By Ed Coghlan.
As Pain Awareness Month kicks off, the chronic pain community was greeted with another effort to slow down opioid use–in this case focused on high-dose opioids.
A petition was filed this week that formally called on the Food and Drug Administration (FDA) to ban high-dose opioids painkillers, ostensibly to prevent overdose deaths among patients and people who abuse drugs.
The idea is to ban opioid pills, that when taken as directed, would add up to a daily dose of more than 90 milligrams of morphine.
The petition was signed by leaders of the Association of State and Territorial Health Officials, Physicians for Responsible Opioid Prescribing, the National Safety Council and the American College of Medical Toxicology.
While the momentum to ban opioids continues, the state leaders and others aren’t talking much about the impact on millions of people who use opioids to combat chronic pain…something US Pain Foundation President Paul Gileno pointed out this week.
We talk a lot about the opioid crisis, but we don’t talk much about chronic pain,” says Paul Gileno, president and founder, who began having pain after a serious work accident in 2003. “In order to effectively address the opioid epidemic, we should also be thinking about how to address the parallel problem of chronic pain, whether by providing more funding for pain research, encouraging insurers to provide more coverage for nonpharmaceutical treatment options, or creating better support services for people and families affected by pain.”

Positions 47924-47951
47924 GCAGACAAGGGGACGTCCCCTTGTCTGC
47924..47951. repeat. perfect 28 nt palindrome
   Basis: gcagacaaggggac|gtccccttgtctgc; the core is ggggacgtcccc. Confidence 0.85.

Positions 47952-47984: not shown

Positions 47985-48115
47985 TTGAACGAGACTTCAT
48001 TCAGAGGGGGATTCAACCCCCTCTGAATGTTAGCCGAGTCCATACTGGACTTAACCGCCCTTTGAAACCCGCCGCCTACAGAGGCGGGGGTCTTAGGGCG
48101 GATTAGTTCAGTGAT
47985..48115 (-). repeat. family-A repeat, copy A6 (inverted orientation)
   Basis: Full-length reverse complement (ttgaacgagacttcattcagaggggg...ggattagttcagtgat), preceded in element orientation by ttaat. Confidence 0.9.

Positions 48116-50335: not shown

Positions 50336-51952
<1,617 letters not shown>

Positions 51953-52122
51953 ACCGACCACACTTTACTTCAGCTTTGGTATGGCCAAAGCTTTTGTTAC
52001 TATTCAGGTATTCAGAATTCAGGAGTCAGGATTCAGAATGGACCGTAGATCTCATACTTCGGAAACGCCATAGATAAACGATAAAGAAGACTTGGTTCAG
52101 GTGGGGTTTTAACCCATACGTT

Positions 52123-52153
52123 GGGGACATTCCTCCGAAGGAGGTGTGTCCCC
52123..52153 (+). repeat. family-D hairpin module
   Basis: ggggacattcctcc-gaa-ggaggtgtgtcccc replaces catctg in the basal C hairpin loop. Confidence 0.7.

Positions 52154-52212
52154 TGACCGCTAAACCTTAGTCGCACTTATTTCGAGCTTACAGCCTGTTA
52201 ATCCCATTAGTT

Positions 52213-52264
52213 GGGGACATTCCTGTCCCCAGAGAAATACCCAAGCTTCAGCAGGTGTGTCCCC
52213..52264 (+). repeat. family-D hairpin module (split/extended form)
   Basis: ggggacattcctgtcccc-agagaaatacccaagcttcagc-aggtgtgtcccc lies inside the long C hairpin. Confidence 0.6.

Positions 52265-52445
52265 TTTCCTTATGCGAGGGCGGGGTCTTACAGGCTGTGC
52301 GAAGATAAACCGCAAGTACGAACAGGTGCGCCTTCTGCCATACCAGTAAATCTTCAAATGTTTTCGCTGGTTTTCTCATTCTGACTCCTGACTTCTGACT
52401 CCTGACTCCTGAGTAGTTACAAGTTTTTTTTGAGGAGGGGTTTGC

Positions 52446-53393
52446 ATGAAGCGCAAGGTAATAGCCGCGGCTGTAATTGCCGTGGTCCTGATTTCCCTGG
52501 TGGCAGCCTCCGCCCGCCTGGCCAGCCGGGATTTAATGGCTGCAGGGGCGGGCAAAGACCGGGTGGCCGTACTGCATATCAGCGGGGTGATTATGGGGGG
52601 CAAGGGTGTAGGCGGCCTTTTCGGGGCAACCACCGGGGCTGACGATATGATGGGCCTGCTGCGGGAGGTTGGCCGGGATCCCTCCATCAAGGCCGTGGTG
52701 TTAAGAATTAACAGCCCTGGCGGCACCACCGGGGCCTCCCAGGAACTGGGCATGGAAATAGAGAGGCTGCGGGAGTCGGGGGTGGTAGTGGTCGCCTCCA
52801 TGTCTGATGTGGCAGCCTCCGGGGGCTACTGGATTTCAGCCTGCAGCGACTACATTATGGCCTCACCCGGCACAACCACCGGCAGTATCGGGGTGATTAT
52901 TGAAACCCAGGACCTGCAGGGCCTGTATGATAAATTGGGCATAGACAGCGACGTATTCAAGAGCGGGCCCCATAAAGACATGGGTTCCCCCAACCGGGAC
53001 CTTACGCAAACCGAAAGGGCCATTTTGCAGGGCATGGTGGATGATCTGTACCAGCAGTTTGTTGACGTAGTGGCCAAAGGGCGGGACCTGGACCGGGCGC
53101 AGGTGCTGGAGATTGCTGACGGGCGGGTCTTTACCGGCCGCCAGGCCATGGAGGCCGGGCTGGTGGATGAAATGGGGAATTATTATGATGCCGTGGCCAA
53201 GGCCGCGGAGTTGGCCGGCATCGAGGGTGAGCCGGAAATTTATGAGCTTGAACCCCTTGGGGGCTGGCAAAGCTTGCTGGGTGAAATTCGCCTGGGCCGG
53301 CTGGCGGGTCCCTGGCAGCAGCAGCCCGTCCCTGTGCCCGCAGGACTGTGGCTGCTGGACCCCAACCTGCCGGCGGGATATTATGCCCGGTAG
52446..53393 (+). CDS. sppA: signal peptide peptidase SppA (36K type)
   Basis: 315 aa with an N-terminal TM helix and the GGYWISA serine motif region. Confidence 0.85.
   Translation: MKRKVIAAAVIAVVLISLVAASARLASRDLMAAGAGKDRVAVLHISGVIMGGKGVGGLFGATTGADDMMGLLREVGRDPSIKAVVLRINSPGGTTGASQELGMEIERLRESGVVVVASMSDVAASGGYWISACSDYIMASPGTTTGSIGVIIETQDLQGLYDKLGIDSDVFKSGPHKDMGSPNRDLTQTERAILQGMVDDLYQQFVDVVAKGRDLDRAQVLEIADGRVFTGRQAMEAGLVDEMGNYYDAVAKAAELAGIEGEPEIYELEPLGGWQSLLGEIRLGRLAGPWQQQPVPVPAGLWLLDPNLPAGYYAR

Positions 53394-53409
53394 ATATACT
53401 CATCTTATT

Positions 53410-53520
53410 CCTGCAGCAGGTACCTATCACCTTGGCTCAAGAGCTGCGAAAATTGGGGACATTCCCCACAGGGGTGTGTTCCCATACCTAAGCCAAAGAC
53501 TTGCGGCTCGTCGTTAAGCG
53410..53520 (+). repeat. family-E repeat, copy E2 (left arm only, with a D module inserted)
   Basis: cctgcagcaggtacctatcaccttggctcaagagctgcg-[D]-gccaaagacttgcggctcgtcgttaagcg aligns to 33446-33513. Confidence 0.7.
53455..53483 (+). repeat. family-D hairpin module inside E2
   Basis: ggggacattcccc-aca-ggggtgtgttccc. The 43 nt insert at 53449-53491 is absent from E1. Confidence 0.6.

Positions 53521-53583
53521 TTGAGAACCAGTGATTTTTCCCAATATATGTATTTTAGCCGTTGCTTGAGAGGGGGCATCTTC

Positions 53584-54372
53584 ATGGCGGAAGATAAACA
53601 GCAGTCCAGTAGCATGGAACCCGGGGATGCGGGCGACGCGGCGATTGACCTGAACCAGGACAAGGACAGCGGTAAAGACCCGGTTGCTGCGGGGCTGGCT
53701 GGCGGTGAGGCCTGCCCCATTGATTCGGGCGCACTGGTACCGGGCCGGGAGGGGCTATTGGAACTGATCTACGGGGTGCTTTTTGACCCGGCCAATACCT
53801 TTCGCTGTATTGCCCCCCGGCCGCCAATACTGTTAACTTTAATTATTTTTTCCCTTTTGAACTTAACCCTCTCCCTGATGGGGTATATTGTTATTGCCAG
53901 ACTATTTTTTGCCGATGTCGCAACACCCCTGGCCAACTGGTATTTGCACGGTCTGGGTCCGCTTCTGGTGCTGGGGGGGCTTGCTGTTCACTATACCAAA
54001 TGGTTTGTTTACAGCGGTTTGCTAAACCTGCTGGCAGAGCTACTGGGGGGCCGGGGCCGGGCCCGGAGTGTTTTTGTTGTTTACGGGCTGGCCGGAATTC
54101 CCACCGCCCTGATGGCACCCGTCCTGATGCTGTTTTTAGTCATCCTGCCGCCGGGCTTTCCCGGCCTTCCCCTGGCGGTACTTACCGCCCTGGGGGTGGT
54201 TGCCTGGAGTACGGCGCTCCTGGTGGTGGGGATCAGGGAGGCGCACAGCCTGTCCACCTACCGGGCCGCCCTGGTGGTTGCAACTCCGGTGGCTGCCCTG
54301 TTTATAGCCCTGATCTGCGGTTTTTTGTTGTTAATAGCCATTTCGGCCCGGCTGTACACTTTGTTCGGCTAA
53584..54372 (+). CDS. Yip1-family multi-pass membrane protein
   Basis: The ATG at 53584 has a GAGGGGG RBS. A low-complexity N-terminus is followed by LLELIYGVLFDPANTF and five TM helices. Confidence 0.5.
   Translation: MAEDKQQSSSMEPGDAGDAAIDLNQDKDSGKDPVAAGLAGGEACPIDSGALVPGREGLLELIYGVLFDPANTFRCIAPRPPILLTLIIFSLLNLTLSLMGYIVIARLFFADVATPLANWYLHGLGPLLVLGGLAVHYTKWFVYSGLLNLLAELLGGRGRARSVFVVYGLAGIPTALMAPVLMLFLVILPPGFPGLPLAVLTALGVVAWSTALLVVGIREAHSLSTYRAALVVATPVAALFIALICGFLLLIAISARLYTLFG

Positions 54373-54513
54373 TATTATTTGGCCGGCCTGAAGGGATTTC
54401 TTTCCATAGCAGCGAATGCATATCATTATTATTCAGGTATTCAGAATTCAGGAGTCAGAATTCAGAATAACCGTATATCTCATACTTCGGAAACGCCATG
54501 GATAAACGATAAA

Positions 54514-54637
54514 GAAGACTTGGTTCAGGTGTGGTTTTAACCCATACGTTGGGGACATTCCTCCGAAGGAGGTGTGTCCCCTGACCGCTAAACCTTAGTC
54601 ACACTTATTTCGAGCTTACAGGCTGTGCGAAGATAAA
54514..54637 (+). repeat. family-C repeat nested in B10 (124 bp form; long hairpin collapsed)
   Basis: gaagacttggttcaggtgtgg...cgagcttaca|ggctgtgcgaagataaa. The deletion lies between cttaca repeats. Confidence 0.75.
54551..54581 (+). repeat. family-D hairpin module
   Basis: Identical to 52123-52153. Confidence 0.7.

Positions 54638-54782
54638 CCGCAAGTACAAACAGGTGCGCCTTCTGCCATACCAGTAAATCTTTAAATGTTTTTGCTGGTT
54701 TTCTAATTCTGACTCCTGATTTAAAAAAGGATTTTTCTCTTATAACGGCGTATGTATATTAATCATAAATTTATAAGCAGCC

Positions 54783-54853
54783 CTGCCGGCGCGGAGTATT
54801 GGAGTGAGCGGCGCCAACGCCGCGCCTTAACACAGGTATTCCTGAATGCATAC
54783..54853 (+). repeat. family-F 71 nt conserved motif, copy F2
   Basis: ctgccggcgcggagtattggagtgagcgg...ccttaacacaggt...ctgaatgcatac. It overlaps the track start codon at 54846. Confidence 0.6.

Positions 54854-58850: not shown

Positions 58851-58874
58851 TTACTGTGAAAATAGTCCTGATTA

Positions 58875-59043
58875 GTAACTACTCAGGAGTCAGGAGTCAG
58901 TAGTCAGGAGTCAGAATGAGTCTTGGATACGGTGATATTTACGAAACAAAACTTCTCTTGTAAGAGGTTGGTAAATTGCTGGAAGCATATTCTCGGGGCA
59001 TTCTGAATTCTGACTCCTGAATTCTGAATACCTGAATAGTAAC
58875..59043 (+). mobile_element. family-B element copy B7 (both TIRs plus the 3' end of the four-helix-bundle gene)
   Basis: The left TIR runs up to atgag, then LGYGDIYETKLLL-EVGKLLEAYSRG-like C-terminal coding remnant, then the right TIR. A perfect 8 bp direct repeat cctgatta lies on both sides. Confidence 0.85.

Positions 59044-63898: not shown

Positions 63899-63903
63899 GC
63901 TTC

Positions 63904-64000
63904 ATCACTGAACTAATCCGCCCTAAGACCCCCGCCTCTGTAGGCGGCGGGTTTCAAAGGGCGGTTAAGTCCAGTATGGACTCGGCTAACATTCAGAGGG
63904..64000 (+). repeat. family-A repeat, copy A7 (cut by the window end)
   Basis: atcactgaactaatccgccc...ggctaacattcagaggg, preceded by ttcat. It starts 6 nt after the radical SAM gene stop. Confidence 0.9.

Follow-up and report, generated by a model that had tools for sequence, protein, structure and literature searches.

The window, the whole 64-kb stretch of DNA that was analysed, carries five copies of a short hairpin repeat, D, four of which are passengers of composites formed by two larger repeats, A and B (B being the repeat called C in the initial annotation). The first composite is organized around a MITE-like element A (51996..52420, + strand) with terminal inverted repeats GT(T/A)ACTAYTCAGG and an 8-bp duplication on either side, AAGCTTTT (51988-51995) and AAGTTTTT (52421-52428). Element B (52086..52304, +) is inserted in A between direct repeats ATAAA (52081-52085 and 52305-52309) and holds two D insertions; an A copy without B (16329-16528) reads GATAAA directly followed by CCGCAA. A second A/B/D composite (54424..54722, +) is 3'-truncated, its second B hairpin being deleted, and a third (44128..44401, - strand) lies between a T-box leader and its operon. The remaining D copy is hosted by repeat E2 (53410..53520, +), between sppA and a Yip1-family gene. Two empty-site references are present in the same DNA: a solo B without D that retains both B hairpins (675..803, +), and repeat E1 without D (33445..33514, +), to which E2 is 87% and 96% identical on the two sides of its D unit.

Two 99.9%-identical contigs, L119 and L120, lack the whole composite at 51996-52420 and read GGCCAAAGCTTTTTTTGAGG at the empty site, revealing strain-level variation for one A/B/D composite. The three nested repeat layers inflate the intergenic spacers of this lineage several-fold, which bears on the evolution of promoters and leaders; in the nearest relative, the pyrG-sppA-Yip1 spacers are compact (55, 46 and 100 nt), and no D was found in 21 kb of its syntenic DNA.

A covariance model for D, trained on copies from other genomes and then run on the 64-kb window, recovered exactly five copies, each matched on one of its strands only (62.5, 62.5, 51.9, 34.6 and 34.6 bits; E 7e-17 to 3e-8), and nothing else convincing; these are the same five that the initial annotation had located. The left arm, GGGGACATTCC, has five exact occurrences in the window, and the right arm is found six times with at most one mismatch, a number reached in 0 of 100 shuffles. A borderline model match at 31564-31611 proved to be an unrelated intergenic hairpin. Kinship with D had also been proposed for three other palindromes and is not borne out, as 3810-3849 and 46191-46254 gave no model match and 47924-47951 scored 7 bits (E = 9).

Elsewhere on the opioid front, it would appear that insurance companies are taking a different view–even when one of the nation’s leading pain physicians wants to try something else. There was news out of Boise, Idaho this week where Dr. Richard Radnovich was scratching his head over the action of several insurance companies.
He wanted to give the patient tramadol. The pain medication is a “Schedule IV” drug, which means it has a “low potential for abuse and low risk of dependence,” according to the federal classification system set up to chart drug risks.
But the insurance company insisted the patient first try morphine. A “Schedule II,” two steps above tramadol on the ranking of addictive drugs, it has a “high potential for abuse, with use potentially leading to severe psychological or physical dependence.”
Dr. Radnovich’s quote in the Idaho Statesman pretty much sums up the inconsistency in the entire opioid debate.
“I don’t want to take the chance that my patient is going to like a drug too much, so I don’t want them to have to be exposed to it,” he said. “It’s insane to me that an insurance company would force me to write morphine [prescriptions] instead of tramadol. … In what world is that a sane response to what’s going on?”
He said several insurance companies have had the same reaction.
On Monday, we’ll have the comments some chronic pain patients have sent us regarding their frustration on this issue.